from 1963 when Lyndon Johnson took office until 1970 as the impact of his Great Society programs were felt, the portion of Americans living below the poverty line dropped from 22.2 percent to 12.6 percent, the most dramatic decline over such a brief period in this century ~ Joseph A. Califano Jr. (dob 5/15/1931) Special Assistant to President Lyndon B. Johnson (7/26/1965 to 1/20/1969).
If there is one thing that Libertarians absolutely can not stand it is the idea that government can be a force to affect positive economic or societal change. Fact is, Libertarians strongly believe that government can't do anything right. One of their favorite pastimes is running down government and heaping praise on the so-called "free market". It's the answer to all our problems, doncha know?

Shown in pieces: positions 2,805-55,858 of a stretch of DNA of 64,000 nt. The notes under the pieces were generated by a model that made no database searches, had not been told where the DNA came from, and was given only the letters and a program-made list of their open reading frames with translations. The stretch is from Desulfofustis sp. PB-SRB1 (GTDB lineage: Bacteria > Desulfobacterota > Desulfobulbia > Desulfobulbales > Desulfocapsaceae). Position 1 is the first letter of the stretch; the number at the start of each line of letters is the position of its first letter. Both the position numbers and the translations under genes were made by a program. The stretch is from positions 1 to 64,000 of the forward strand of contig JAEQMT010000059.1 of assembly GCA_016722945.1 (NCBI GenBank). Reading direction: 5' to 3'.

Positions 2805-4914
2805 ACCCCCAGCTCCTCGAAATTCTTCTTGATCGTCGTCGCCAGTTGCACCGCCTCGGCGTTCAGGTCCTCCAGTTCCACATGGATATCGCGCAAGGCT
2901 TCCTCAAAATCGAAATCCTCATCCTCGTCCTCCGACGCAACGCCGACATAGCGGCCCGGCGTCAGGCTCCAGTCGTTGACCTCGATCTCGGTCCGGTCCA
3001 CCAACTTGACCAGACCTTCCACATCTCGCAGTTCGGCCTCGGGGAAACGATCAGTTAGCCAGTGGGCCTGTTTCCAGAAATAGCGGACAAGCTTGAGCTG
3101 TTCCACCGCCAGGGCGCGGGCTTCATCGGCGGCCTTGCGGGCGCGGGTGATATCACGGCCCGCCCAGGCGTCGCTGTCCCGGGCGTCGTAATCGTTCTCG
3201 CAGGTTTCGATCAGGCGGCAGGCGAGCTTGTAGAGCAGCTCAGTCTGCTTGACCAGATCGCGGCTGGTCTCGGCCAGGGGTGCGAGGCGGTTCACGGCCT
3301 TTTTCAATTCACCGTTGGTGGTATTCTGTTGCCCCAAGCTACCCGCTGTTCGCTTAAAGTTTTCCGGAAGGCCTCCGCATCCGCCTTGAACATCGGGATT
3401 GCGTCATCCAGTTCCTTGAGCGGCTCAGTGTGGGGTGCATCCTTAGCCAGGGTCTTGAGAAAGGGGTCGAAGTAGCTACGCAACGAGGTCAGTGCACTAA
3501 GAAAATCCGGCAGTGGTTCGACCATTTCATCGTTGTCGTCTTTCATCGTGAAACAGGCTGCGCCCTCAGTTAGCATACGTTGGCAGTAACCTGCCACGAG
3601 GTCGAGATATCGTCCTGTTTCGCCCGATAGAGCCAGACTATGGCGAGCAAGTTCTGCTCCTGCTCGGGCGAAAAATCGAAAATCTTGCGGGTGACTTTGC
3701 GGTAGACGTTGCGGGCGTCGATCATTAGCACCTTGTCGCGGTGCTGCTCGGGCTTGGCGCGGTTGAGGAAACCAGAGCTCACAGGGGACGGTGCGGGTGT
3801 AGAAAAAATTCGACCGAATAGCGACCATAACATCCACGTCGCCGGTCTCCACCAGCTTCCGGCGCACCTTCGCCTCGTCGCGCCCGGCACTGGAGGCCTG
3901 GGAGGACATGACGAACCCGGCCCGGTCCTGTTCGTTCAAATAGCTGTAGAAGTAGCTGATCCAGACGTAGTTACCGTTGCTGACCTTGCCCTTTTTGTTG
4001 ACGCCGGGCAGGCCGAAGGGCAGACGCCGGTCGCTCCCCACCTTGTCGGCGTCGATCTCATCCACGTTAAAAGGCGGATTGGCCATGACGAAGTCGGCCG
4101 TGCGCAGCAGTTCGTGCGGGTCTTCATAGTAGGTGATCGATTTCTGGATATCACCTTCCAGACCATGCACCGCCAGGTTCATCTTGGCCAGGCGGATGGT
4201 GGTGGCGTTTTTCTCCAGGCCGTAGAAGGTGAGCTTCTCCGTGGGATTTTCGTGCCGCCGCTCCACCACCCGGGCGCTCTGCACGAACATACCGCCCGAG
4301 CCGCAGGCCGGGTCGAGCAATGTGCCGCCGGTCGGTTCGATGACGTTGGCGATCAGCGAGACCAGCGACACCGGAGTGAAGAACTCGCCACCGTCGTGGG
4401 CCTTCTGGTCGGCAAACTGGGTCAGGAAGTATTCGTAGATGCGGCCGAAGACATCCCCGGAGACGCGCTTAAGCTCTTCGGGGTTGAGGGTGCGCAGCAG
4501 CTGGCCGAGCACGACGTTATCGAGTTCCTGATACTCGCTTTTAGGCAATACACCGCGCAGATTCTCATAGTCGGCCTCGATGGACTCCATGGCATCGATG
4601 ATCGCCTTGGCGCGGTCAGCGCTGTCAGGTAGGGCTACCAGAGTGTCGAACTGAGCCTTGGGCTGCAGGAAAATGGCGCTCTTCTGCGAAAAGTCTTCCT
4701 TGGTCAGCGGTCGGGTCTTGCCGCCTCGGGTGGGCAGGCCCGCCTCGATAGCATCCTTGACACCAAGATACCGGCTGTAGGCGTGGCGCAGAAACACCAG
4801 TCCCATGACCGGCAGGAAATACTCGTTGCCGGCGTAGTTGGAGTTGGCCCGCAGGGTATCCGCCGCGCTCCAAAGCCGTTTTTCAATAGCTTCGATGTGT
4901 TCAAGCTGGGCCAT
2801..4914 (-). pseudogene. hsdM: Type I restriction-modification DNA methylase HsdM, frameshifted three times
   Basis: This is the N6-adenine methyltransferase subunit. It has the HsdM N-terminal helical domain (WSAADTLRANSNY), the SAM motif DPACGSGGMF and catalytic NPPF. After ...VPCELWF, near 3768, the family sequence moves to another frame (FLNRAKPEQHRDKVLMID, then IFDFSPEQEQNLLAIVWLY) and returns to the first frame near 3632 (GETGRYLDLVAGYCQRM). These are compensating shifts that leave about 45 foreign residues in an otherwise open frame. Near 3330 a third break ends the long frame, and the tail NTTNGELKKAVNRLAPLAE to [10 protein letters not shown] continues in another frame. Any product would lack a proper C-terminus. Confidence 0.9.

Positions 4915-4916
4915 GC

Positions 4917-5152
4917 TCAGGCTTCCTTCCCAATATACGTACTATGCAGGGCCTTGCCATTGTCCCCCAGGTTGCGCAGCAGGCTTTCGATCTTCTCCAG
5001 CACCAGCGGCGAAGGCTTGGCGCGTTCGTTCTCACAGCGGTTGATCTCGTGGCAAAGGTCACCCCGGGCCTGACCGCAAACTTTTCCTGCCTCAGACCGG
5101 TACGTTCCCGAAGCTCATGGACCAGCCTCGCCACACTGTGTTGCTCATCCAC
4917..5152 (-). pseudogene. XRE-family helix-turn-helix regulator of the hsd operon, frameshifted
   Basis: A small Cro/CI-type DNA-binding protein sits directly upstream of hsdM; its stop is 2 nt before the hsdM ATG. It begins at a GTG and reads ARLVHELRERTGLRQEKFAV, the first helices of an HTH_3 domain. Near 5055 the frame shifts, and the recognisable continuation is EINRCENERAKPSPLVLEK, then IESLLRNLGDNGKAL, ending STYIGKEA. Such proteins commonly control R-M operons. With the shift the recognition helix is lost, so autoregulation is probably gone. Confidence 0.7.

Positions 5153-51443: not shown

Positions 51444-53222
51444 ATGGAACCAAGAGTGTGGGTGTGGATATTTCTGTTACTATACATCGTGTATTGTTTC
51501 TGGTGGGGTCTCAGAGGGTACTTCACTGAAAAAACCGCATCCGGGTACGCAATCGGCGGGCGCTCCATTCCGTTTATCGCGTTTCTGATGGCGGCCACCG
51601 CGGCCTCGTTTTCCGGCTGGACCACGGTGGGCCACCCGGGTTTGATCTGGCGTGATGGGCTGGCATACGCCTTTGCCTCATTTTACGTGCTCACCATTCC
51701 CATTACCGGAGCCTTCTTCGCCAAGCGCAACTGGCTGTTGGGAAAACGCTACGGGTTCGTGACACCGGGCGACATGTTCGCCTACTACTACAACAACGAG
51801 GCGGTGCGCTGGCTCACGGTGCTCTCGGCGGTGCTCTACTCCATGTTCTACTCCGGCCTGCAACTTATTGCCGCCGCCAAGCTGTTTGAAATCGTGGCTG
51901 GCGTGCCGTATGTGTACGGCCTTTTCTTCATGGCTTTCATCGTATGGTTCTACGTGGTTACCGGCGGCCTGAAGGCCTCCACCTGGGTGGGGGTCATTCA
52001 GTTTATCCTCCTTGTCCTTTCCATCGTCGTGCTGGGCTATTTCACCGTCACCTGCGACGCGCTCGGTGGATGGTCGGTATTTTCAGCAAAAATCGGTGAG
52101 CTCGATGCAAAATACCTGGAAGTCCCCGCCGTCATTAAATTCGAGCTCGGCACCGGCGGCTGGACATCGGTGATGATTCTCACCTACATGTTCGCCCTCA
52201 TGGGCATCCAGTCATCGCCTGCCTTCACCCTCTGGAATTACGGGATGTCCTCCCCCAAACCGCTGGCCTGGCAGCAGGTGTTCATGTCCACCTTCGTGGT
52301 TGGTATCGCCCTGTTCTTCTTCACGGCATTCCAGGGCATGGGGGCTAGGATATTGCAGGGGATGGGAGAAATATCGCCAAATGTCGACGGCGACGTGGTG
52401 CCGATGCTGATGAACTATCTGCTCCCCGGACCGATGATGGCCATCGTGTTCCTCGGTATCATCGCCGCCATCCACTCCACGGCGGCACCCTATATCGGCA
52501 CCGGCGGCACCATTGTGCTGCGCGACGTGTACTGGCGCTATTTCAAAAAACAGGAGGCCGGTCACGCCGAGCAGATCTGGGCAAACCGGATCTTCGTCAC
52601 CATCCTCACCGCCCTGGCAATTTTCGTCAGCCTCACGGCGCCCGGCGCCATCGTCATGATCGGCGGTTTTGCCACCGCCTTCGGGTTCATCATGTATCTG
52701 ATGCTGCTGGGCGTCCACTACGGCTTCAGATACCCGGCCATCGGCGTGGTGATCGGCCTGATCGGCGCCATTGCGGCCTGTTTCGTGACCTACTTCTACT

If they aren't demonizing government, an institution that represents The People and works on their behalf (in so far as they haven't been bribed by the wealthy elites), then Libertarians are demonizing poor people; and the demonization of both is exemplified in this recent post by a Libertarian blog I check in from time to time.
|Libertarian blogger: The poverty rate was coming down precipitously in this country and for the most part people weren't having children out of wedlock, and then came the Great Society. Thank you so much, the political class. ...this is one hell of a strong correlation and you know, YOU KNOW, that if the trend-lines had been plotted out in the opposite direction the left would have been singing and dancing that it was some sort of proof-positive that the Great Society was effective. And the fact that it makes such total fucking sense. Of course when you subsidize something you're going to get more of it. Hello! (11/12/2013 AT 7:43pm).|